Libya is an Arab country in northern Africa. It lies on the coast of the Mediterranean Sea. The country is bordered by Egypt and Sudan on the east, Chad and Niger on the south, and Algeria and Tunisia on the west. Tripoli is Libya’s capital and largest city. The vast, dry Sahara covers most of Libya, and the country has few natural resources. But the discovery of petroleum in 1959 injected huge sums of money into Libya’s economy.
The government of Libya used some of this wealth to improve farmland and provide services for the people. Almost all of Libya’s people are of mixed Arab and Berber ancestry and are Muslims. Until the early 1900’s, Libya consisted of three separate geographical and historical regions. It became a united, independent country in 1951. Libya’s official name is the Great Socialist People’s Libyan Arab Jamahiriya.
GovernmentMuammar Muhammad al-Qadhafi is Libya’s head of state, but he holds no official title. In 1969, Qadhafi led a military revolt that overthrew the ruling monarchy. Libya’s government is based on popular assemblies. All Libyan citizens age 18 or older may vote and hold public office. About 1, 000 local groups elect a representative to the General People’s Congress (GPC), which officially runs the national government.
The General People’s Congress meets every year to consider legislation and to select the members of the General People’s Committee, which develops national policy. Libya is divided into 24 political units called bald iyas. A local People’s Congress administers each bald iya. Political parties have not been permitted since 1952. In 1971, the Arab Socialist Union was formed as Libya’s only political alliance. But a number of underground opposition groups exist.
Egypt and Kuwait are both Arab countries, and yet they are very different from one another. Egypt has a culture that goes back centuries, predating Islam, and is considered part of the cradle of civilization. Kuwait is a modern and new country, very wealthy because of its oil, but very vulnerable to its more aggressive neighbors like Iraq. Both have different realities facing them in today’s ...
People Population and ancestry. About 80 percent of Libya’s people live along the Mediterranean coast or in the upland regions just south of the coast. More than 90 percent of Libya’s population is of mixed Arab and Berber ancestry. The Berbers lived in Libya before the Arabs arrived in the A. D. 600’s.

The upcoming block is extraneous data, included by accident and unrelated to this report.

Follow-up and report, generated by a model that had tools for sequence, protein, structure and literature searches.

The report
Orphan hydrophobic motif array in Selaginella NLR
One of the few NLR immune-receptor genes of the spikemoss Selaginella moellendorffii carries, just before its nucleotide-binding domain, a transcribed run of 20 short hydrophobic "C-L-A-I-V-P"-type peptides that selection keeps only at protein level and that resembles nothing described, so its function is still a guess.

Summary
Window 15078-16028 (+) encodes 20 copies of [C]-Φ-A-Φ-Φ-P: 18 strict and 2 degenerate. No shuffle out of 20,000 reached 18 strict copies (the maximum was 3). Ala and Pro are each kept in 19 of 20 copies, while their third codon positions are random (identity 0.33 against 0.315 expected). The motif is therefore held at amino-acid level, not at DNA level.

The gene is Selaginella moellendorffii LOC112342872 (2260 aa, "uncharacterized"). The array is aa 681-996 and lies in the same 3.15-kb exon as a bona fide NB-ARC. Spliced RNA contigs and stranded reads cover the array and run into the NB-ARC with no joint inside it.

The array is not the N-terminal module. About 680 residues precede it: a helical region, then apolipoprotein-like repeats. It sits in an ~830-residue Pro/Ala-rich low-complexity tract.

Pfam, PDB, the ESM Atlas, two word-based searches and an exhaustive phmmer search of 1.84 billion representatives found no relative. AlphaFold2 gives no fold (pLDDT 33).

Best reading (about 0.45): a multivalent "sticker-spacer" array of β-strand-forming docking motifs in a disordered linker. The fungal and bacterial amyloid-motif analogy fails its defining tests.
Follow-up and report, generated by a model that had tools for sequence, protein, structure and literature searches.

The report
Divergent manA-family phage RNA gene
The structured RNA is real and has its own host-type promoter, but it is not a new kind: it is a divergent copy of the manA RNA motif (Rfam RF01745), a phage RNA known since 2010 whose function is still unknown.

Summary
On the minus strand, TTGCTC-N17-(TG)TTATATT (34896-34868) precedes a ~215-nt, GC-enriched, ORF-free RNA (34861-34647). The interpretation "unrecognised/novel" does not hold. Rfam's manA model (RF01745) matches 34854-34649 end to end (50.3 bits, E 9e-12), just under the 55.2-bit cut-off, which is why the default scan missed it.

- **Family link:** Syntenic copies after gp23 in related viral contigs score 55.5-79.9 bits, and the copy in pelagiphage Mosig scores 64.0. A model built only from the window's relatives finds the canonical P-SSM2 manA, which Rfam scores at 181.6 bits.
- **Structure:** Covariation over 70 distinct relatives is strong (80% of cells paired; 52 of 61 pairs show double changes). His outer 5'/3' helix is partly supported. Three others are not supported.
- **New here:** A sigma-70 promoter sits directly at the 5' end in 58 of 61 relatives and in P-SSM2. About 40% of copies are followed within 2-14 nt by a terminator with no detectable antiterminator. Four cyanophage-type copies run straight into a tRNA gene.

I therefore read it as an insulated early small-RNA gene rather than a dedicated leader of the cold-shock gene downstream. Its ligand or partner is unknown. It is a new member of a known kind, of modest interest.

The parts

Languages. Arabic, the official language, is spoken by almost all Libyans. Many educated Libyans speak a second language, particularly English or Italian. Way of life. Most of Libya’s people live in urban areas. The country’s rural dwellers live mostly in villages or desert oases.
Some nomads move with their sheep, goats, and camels in search of pasture. The expansion of the Libyan economy after the mid-1900’s triggered a substantial migration from rural areas to the cities. The transition from rural to urban life required many difficult adjustments. For example, rural Libyans live as an extended family, with several generations sharing a single home. But this arrangement is not practical in Libya’s crowded cities. The status of women in Libya changed dramatically in the late 1900’s.
Women once received little or no education and were largely confined to the home. As a result of the changes, women have the legal right to participate fully in Libyan society. But many traditional attitudes about women remain. Libyan women form only about 10 percent of the work force, but this percentage is increasing as more women become educated. Housing. Libya’s large cities look much like those in North America and Western Europe.
High-rise office and apartment buildings fill the downtown areas. Suburban areas have more spacious single-family dwellings. In rural areas, most people live in stone or mud-brick houses. Often, families have a single room for all activities and a nearby shelter for their animals. The flood of people from the country to the cities has created overcrowding, particularly in older urban neighborhoods. Clothing.
As the title of this paper states, "How our World is Changing" our world is constantly changing. Our world changes everyday without most of us ever seeing or noticing any changes, but as we look back in history we can see some tremendous changes. As history is studied these changes become apparent and truly jump out and become real. Out of all the changes in our history, some of the most ...
Traditional garments are commonly worn in rural areas of Libya. Men wear a loose cotton shirt and trousers covered by an outer cloak. They often wear a flat, brimless, tight-fitting cap. Women traditionally wear a full-length robe. Some people in Libya’s cities wear these garments to indicate their regard for traditional values and practices. But most city dwellers wear Western-style clothing..